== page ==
Weaning is one of the most stressful times for cattle. You remove the source of security calves have had since birth, and change their routine. Stress is a key contributor to sickness, weight loss, and poor performance. Just as you should do in working your mature cattle, putting newly weaned calves in the least stressful environment can lead to improved performance for both the calf, and the cow, which ultimately affects your bottom line.
Fence-line weaning has been documented for several years to provide an applicable method of low stress weaning on cattle operations. Research performed at New Mexico State highlighted that calves who were fence-line weaned showed increases in weight gain after two weeks, persistence in eating, and time of rest while decreasing the number of vocalizations and time spent walking. During the 2006 and 2007 study, seven-day post weaning gain was positive at 16 lbs. and 4 lbs. respectively with minimal outward signs of stress. Studies conducted at the University of California, Davis (UC Davis), and University of Idaho show that calves weaned while remaining in ear- and eye sight of their dams are, on average, 20 to 25 pounds (lb.) heavier after 10 weeks than calves that are physically removed from the ranch.
Fence-line weaning isn’t practical on all ranches. In some situations, your facility may not have the optimum set up to adequately wean with direct nose-to-nose contact. However, there are other proven practices that can be implemented to reduce calf stress at weaning.
Provide calves access to the weaning area (pen, trap or pasture) a week or two prior to weaning, so calves do not undergo the stress of a complete change in environment. At the time of weaning, move your cows to a new location during separation; but don’t move the calves. Mature cattle that have been more frequently exposed to changes in surroundings are less prone to the onset of stress. It’s also important to place the calves in your best paddock or lot, try to avoid a dusty holding area where they are susceptible to respiratory diseases. Allow fence-line contact between calf and dam for approximately four to seven days following weaning. Your fences should be sturdy enough for proper separation and still allow nose-to-nose contact while preventing nursing. The most effective fence material is net wire with the optional strand of stand-off electrical wire. Barbed wire fences can be used, but may present problems in some circumstances where calves are persistent in re-connecting with their mother. Electrical fencing takes the most preparation and preconditioning. One to two weeks of electrical fence exposure should provide adequate preparation. If fence-line contact isn’t practical, move cows far enough away to limit the exposure to the balling calves .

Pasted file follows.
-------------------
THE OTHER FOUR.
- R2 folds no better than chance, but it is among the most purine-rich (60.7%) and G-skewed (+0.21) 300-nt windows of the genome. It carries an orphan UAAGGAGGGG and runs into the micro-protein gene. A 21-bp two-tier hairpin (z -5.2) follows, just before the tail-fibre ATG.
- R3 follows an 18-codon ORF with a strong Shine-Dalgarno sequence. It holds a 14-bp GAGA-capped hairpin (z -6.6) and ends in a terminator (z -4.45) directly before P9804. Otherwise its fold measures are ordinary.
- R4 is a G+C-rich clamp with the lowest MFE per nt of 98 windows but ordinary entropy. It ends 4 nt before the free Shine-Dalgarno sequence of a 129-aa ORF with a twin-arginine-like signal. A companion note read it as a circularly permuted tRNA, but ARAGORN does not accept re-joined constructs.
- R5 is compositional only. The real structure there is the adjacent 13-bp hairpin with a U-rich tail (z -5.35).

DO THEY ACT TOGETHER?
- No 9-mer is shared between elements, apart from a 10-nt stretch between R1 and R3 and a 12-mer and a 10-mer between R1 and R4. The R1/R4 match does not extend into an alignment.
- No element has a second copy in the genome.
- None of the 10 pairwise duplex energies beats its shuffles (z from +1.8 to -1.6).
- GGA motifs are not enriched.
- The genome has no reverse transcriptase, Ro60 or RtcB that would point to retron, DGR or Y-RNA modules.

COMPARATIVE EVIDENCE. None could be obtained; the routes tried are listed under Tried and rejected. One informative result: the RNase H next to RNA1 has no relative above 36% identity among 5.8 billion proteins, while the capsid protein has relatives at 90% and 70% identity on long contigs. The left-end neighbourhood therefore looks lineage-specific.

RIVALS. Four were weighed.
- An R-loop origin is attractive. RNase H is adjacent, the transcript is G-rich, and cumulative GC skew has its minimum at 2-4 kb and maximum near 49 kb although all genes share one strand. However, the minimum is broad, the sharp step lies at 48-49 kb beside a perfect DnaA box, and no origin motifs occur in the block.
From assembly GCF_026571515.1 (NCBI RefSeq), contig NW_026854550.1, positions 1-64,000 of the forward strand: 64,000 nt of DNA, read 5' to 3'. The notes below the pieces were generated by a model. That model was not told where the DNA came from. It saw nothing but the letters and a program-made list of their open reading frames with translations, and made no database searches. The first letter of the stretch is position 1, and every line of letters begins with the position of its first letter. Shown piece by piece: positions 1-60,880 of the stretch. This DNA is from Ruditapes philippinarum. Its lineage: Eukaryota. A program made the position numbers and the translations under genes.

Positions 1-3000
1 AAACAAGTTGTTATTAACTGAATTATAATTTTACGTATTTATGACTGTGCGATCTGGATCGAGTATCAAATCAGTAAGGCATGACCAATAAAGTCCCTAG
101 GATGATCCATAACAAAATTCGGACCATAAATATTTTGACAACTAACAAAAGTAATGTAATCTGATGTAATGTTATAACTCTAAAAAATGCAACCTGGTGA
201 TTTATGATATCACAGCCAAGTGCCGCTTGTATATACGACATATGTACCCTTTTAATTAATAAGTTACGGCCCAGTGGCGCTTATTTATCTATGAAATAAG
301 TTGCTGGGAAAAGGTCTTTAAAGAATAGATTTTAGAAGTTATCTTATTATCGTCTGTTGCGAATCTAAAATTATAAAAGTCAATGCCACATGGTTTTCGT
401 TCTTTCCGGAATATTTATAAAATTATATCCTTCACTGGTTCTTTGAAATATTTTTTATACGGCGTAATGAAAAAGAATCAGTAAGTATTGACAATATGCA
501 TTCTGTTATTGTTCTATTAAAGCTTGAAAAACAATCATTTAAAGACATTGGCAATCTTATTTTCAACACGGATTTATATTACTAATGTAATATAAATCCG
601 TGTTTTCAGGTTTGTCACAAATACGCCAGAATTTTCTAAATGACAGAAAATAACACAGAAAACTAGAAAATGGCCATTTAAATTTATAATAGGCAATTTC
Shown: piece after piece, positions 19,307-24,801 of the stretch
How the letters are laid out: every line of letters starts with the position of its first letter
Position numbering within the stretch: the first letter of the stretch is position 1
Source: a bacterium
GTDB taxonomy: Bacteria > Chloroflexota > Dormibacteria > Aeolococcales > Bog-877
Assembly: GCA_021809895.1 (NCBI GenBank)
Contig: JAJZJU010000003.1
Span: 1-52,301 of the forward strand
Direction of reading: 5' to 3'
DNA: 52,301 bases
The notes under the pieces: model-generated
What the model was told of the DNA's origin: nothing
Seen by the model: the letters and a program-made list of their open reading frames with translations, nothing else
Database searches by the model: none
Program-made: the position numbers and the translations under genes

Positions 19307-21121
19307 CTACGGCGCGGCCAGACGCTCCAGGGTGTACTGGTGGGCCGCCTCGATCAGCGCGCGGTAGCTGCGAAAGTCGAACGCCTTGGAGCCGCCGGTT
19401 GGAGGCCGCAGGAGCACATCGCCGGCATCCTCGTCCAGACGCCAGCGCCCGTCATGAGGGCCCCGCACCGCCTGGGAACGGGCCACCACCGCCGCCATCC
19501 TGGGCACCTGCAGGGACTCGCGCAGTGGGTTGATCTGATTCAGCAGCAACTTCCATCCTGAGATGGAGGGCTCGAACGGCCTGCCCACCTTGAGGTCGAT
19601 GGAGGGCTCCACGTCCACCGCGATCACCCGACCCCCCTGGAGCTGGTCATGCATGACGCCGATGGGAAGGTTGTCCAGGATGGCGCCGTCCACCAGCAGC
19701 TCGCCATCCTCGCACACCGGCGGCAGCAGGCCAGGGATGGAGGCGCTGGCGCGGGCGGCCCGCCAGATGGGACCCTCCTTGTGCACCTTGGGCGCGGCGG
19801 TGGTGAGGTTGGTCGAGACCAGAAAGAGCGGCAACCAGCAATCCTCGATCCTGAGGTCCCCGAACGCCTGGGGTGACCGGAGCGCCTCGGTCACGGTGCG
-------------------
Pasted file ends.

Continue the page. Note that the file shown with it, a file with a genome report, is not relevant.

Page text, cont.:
If you must wean in a dry lot paddock, place your feed bunks, hay and water troughs along the fence to reduce perimeter walking, and to increase encounters with their feed and water. If calves are weaned in a pasture, place feed and water along the fence-line where practical to increase the likelihood that calves will find feed and water within the first few hours. Placing large water troughs inside the pen and letting water troughs overflow slightly may attract calves to the water, and help calves that are accustomed to drinking from live water sources adjust to troughs, and the sounds of an activated float. Unnecessary stress caused by castrating, dehorning or branding calves should be avoided if possible. These practices should be completed several weeks before weaning, and preferably prior to three months of age.
Implementing a low stress weaning program on your farm should fit your operation. Explore different ways to cut the instance of stress on both your animals and you. Examine other operations and discuss with fellow cattlemen ideas they have used to improve performance. Some investment in improved weaning facilities can save you time and money in the long run.
Price, E.O., J.E. Harris, R.E. Borgwardt, M.L. Sween, J.M. Connor. 2003. Fenceline contact of beef calves with their dams at weaning reduced the negative effects of separation on behavior and growth rate. J Anim Sci 81: 116-121
P Mathis, C & , Pas & H Cox, S & Löest, C.A. & Petersen, M & Mulliniks, John. (2009). Pasture Preconditioning Calves at a Higher Rate of Gain Improves Feedlot Health but Not Postweaning Profit. The Professional Animal Scientist. 25. 475-480.
Pirelli, G., and W. A. Zollinger. 2002. Weaning management for calves. CL 748, Cow-Calf Management Guide and Cattle Producer’s Library. Ag Communications, University of Idaho.
Preconditioning Calves Using Co-products, Hersom, M., Thrift, T., Yelich, J.
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